Sunday, April 3, 2016

Don't Be Afraid

Divine Mercy Sunday 

This Sunday, the second reading will be from Revelation 1:9-11a, 12-13, 17-19. The linked text includes the intervening verses. Be sure to read the other readings for added context.

Last Easter season, in the second reading, we read through a series on love (which I didn’t see for what it was until we were almost done). This year the second reading offers a similar catechetical series. This year we address what is heaven like.

The first thing we need to know about the kingdom to come is that it is nothing to be afraid of.

The trouble that afflicts most of us when it comes to looking forward to going to heaven is that thing that stands between us and heaven: death.

Death is a permanent and radical change in our state of being, and also a permanent and radical change in our relationship with Christ.

Right now, our experiences of the presence of God are usually in small doses - in retreats, intense prayer experiences, and in the sacraments. In Heaven, we will be surrounded by the glory of God all. The. Time. And on a certain level, that is intimidating.
  • John falls down as though dead at the feet of the Son of Man in today’s second reading.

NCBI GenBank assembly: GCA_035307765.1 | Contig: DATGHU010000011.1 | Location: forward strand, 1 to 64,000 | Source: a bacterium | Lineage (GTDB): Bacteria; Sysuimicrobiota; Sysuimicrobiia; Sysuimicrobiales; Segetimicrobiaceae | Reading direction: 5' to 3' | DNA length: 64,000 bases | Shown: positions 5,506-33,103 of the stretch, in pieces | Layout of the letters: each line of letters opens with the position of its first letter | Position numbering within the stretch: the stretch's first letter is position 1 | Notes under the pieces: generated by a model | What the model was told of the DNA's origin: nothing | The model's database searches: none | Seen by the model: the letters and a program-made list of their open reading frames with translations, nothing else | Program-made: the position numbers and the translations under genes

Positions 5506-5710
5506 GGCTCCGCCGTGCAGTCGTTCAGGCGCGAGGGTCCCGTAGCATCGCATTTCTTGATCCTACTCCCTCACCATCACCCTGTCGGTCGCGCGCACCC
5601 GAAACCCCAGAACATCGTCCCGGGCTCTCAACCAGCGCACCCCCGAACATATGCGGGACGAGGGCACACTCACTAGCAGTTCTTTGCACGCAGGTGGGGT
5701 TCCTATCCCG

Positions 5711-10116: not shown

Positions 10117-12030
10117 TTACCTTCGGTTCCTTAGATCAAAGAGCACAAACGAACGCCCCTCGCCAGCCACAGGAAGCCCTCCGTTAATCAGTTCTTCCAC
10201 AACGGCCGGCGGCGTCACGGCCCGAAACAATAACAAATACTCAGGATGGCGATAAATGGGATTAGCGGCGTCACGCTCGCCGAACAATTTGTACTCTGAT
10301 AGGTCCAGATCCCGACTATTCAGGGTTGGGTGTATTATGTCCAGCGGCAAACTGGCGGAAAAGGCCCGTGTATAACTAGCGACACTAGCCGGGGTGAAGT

• Isaiah likewise though he was surely dead when the lord first came to him (Is 6:1-8).
  • The disciples who had known Jesus intimately during his Earthly life were frightened when he came among them (see Luke 24:36 and following).

Death is scary - most people would question your sanity if you’re not afraid to die. Even Jesus feared death - he prays for it not to be necessary while he prayed at Gethsemane (Matthew 26:39).

Jesus speaks with complete knowledge of the fear of death that is part of our human nature (and his) when he tells us, “Do not be afraid,” when he says, “Peace be with you.”

Since Jesus has died to save us from our sins, death and heaven is nothing to be afraid of, and Christ himself exhorts us to be at peace with his call to us - to build his kingdom on earth, and to join him in the kingdom to come.

When you say the Our Father and ask, “thy kingdom come”, what do we mean? What comes to mind when you pray this petition? Are you adding a “but not yet” in your heart at the end of this petition?

Sometimes that’s me, and the only thing to do about it is to pray. Pray more. Ask God to bring you closer to him, so that when the time comes for you to die, you barely notice - you walk off with him into Heaven as though it was just another Sunday.

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